Jesus Christ compares those who have charge of souls to a good shepherd who has great care for the sheep. One quality he must possess, according to our Savior, is to know each one of them individually.
This ought also to be one of the main concerns of those who instruct others: to be able to understand their students and to discern the right way to guide them.
– St. John Baptist de La Salle 
The personal quality of Lasallian education has often been highlighted by both students, teachers, and parents. It is a quality that is part of being an “older brother / sister” to those “entrusted to our care.” We well know – or quickly come to know – that those we encounter in the classroom and around the school are eminently unique and different, sacred drops of God’s manifest presence in our daily lives. Teachers with long experience know that the strangers in their classrooms at the beginning of the school year will by the end of the year be perceived by them as highly individual characters, richly textured and nuanced – some good, some not so good, but more and more fully alive and revealed. Their personality traits, strengths, and weaknesses will have settled into the teachers’ minds in cumulative layers of awareness. Time and experience thus become privileged means for gaining occasional glimpses into the souls of our students.
This is why the quote from De La Salle at the top of this reflection is so important. Not only is the connection made with how Jesus treated his disciples and others during his ministry, but there is a direct responsible parallel to “one of the main concerns of those who instruct others.” And that main concern is not how well the student does in class, how smart or helpful or responsive the student is to the teacher’s directions. In fact, all those other things depend on this “main concern.” The focus is rather on “to understand” and “to discern” how to guide them. It is deep listening.
Ever practical, this concern that De La Salle advocated is not left in midair, with a hope that others will address it responsibly. There is also a practical side to it; a way to actually do it. That is seen in the 1720 school handbook, the franchise’s three-ring binder. In the description of the Admissions Register, which contains all the relevant information about each student, there is this sentence: “After all of this information has been recorded, some blank space should be left to contain what may need to be added later. Examples of what might be added are: what is the child’s character and disposition …?” This is the part that the next teacher of the same student would want to see. Wouldn’t you, if you were teaching the same student? It’s a help to being able to “understand” and “discern” the student, although it certainly is not a substitute for it. Merely helpful advice.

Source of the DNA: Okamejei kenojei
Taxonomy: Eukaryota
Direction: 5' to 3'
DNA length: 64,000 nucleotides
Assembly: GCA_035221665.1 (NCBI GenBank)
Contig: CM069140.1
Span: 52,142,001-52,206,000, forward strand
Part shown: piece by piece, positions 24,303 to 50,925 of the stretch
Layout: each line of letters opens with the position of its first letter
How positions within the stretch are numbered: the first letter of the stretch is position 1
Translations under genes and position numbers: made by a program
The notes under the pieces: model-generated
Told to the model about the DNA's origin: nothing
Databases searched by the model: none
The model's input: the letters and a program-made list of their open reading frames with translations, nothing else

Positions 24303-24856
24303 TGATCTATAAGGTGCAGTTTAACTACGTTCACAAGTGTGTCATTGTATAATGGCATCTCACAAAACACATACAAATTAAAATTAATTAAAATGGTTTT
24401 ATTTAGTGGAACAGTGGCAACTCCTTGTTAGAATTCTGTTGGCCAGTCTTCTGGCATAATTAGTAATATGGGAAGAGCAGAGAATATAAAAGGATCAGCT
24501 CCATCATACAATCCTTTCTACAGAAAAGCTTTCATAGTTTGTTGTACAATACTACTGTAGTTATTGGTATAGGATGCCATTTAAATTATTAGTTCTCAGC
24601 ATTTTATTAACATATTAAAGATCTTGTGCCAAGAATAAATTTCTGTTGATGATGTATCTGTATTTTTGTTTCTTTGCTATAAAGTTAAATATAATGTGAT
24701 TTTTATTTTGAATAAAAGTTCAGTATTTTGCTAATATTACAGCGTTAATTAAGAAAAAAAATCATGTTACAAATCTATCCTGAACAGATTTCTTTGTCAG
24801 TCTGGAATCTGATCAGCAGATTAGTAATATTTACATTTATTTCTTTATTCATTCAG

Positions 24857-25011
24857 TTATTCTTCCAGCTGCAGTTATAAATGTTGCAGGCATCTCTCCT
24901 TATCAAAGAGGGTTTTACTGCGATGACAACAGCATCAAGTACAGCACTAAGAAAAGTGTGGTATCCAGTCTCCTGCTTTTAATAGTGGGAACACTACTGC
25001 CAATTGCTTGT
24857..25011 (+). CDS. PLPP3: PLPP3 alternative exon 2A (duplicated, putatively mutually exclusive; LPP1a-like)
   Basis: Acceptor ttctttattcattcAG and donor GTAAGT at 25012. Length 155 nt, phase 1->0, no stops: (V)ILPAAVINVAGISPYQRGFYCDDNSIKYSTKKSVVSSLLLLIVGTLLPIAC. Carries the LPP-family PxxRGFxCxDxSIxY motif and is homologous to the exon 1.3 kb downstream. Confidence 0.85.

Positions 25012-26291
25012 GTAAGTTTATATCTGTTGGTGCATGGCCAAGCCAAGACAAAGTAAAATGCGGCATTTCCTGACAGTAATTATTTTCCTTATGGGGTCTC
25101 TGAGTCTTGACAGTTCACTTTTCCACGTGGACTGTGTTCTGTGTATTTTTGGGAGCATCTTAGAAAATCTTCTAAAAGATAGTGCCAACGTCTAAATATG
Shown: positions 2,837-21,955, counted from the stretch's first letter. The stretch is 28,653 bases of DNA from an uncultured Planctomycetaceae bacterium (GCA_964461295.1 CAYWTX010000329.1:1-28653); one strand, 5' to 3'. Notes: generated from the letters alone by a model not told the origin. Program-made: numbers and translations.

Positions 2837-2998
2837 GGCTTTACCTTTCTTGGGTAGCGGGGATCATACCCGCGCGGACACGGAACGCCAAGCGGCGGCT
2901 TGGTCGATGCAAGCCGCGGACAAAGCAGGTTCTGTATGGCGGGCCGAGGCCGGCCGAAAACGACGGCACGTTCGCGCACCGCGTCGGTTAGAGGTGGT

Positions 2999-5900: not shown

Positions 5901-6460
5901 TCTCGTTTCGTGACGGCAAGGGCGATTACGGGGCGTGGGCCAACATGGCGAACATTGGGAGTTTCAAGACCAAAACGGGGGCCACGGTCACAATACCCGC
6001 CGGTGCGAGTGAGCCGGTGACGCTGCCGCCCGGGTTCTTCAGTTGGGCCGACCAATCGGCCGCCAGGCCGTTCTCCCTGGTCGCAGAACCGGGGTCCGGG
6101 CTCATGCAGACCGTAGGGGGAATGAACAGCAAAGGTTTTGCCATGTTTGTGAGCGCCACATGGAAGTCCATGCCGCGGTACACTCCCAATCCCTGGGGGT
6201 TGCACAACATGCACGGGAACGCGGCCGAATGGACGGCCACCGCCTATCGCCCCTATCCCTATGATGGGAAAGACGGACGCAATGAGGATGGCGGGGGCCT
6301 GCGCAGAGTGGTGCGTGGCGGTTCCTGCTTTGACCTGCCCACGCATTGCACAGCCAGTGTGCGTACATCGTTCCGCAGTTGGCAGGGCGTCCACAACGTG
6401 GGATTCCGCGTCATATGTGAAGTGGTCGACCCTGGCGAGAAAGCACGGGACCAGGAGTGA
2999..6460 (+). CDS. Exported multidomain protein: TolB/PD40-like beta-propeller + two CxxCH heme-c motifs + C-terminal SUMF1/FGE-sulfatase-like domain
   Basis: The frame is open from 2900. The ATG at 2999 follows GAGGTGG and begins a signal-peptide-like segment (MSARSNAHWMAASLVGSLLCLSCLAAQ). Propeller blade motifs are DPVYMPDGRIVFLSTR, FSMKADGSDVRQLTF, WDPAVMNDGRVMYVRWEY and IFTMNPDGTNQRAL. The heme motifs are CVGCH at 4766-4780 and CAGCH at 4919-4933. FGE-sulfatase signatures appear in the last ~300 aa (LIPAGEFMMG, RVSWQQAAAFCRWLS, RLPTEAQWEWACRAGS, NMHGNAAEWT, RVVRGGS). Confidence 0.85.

An example of such a record was this one: “Francis Delevieux; 8 1/2, two years at school, in 3rd section of Writing since July 1st. Somewhat turbulent; little piety at church or prayers unless supervised. Lacks reserve. Conduct satisfactory; needs encouragement to effort; punishment of no avail; light-headed. Rarely absent except when with bad companions; often late. Application moderate but he learns with ease. Twice nearly expelled for negligence. Submissive to a strong hand. Not a difficult character. Must be won over. Spoiled at home. Parents resent his being punished.“ With that kind of description, I think most of us might have a running start at understanding a student and determining how we might guide his/her character and disposition.
In more recent times, we’ve been provided with all sorts of systems for understanding and discerning the character of ourselves or others – Enneagram, Meyers-Briggs, Strength Finder etc. And more methods appear with each new book season. But one of the ones that I’ve found both simple and elegant was shared by a friend of mine many years ago. I don’t know if she found it or if she came up with it herself. I just find it generally helpful; not to pigeon-hole but to provide some sort of framework for understanding where a person’s dispositional inclinations are leaning.
The quadrant chart at the top of this reflection is a crude representation of this schema. She said, “Generally, there are two characteristics that you can pick up about people. There are the Givers or the Takers, and there are the Doers or the Talkers. The best sort are the Givers and the Doers, and the worst ones are the Takers and the Talkers.” In the other quadrants are those who have a mix of different characteristics, and it’s interesting to think about professions that might fit each of the quadrants. I don’t know, for example, where I’d generally put politicians or poets. Most of us are a mix, of course, depending on “with whom” and “for what” and the like. But the cluster of what we do, like the cluster of blue dots, show a general preference for one area of the chart.
The point of sharing this chart is to highlight the fact that each of us has their own way of understanding and discerning the students they encounter. (And this GT-TD chart seems more appropriate to adults than to developing students.) However, De La Salle’s insight is that we should have something, some intentionality, some method, by which we engage this most potentially transformative dimension of our educational ministry. His advice? “This guidance requires understanding and discernment of spirits, qualities you should frequently and earnestly ask of God, for they are most necessary for you in the guidance of those placed in your care.”
BTW. I think that De La Salle was a Giver and a Doer big-time!